What to see at MoMA

The Museum of Modern Art in New York holds some of the world’s most renowned art by artists such as Picasso, Cezanne, Dali, Gauguin, Monet, Van Gogh, and more.

MoMA’s collection covers six floors, so it is difficult for a visitor to explore all the exhibits on display at the art museum.

However, if you plan your route well, you can at least see all of the masterpieces. 

We recommend the following must-sees at the New York’s Museum of Modern Art. 

The Starry Night

The Starry Night by Vincent Van Gogh
Image: Moma.org

The Starry Night by Vincent Van Gogh is a star of the MoMA’s collection. 

Van Gogh painted this magnificent piece from his room in a mental asylum. 

The turbulent sky portrays his internal turmoil. 

He painted this scene 21 times from his East-facing window, and that’s why there are many versions of ‘Starry Night’. 

Buy the Museum of Modern Art tickets online to avoid waiting in the ticket counter queues. During peak hours, the wait can even go up to 45 minutes. 

Drowning Girl

Drowning Girl by Roy Lichtenstein
Image: Moma.org

Drowning Girl by Roy Lichtenstein is a modern art piece with thick lines, bold colors, and dots with speech bubbles that gives the painting a printed look. 

The painting takes you back to your comic-loving days.

The Persistence of Memory

The Persistence of Memory by Salvador Dali
Image: Moma.org

The Persistence of Memory by Salvador Dali is one of the most famous works of Surrealism. 

It is based on time, and the landscape shows melting watches, ants, and fleshy objects depicting decay.

Les Demoiselles d’Avignon

Les Demoiselles dAvignon by Pablo Picasso
Image: Moma.org

Les Demoiselles d’Avignon was unappreciated during Pablo Picasso’s time.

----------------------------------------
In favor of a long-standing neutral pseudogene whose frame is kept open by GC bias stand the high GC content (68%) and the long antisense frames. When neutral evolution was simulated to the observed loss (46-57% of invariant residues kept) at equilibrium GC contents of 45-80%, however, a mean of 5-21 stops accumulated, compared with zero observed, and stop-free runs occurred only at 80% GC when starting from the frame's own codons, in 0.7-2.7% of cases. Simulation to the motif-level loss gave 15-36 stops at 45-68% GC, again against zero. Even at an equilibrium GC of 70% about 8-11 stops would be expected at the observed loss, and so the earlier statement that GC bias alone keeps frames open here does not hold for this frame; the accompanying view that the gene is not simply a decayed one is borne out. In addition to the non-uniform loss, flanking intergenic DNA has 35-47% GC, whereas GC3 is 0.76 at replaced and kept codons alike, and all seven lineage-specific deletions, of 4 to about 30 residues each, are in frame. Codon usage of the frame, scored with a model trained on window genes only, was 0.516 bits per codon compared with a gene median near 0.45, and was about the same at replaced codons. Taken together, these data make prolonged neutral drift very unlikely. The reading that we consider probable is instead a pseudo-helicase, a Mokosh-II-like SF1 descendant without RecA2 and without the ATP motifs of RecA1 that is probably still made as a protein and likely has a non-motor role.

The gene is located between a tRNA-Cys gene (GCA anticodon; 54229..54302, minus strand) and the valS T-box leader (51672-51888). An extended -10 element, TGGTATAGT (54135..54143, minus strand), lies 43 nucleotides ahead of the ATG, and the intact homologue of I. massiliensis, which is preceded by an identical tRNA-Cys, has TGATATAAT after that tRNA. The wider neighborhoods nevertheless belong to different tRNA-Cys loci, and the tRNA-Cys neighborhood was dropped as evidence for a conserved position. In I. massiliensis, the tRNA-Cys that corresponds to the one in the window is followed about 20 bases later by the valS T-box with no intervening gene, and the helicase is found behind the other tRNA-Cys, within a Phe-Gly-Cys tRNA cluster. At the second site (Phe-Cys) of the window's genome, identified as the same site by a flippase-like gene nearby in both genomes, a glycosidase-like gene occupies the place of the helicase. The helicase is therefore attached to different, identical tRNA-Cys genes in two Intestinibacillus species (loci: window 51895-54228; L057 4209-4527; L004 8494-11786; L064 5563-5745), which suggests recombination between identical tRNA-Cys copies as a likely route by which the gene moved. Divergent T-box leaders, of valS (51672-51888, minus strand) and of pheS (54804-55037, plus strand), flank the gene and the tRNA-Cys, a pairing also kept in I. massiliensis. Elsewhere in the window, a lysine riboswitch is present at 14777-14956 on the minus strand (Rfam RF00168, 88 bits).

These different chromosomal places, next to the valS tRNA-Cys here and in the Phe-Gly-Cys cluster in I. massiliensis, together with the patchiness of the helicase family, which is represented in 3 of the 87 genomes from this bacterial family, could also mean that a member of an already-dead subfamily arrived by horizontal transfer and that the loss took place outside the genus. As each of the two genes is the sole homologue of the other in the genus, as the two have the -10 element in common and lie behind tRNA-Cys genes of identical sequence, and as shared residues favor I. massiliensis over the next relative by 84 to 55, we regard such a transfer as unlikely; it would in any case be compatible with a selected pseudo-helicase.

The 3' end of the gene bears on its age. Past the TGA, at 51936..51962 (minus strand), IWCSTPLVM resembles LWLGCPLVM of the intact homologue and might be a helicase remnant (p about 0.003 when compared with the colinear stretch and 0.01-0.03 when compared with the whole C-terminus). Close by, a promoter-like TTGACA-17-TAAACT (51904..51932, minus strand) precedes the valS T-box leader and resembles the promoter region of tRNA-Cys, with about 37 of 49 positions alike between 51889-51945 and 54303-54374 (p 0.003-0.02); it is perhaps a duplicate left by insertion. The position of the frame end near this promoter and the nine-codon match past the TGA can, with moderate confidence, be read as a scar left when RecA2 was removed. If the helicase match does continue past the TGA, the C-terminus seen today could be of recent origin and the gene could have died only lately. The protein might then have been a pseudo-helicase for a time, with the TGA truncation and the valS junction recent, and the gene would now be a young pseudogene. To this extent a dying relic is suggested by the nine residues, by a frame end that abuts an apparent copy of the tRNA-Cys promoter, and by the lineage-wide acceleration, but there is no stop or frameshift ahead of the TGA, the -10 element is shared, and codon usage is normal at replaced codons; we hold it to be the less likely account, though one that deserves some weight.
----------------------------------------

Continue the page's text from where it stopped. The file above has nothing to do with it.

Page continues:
It was originally named ‘Brothel of Avignon’, and depicts five nude female prostitutes in Barcelona. 

It is now a significant painting at MoMA.

Campbell’s soup cans

Campbell's soup cans by Andy Warhol
Image: Moma.org

Campbell’s soup cans by Andy Warhol is an excellent example of Pop Art. 

The exhibit includes images of 32 varieties of soup offered by Campbell’s, an American company. 

The art aims to deliver the message that art is for everyone.

One, Number 31, 1950

One Number 31 1950 by Jackson Pollock
Image: Moma.org

One, Number 31, 1950 by Jackson Pollock, is his collection’s largest painting with a ‘drip’ technique. 

The painting depicts streams of energy in tan, blue, and grey lashed through black and white.


Dance by Henri Matisse
Image: Moma.org

Dance is a famous painting by Henri Matisse. 

It depicts the joy and rhythm one feels when dancing. 

It is presented by mythical dancers in a timeless landscape. 

The liveliness is hard to miss when you look at this painting. 

Gold Marilyn Monroe

Gold Marilyn Monroe by Andy Warhol
Image: Moma.org

Gold Marilyn Monroe by Andy Warhol in 1962 is a tribute to the American actress who died that year.

This is one of the must see paintings in MoMA.

The Sleeping Gypsy

The Sleeping Gypsy by Henri Rousseau
Image: Moma.org

The Sleeping Gypsy by Henri Rousseau shows a gypsy who sleeps even as a lion tries to smell her. 

His talent is what helped him in being accepted into society. 

Self-portrait with cropped hair

Self portrait with Cropped hair by Frida Kahlo
Image: Moma.org

Self-portrait with Cropped hair by Frida Kahlo is a challenge to the stereotype surrounding women. 

The painting is known for its gender-bending quality.

Grandcamp, Evening

Grandcamp Evening by Georges Pierre Seurat
Image: Moma.org

The Grandcamp, Evening by Georges-Pierre Seurat feels like a seamlessly blended scene when viewed from a distance. 

However, when you closely look at the painting, you notice the different colored dots Seurat used to make this painting.

Outdoor Sculpture Garden

Momas Outdoor Sculpture Garden
Image: Moma.org

Abby Aldrich Rockefeller designed the Sculpture Garden as a tribute to the MoMA founders. 

The sculpture is a good spot to take a break. 

It holds artworks by Picasso, Anthony Caro, and many others, while marble slabs, fountains, flower beds, etc., provide relief.

Featured Image: Moma.org

How useful was this post?

Click on a star to rate it!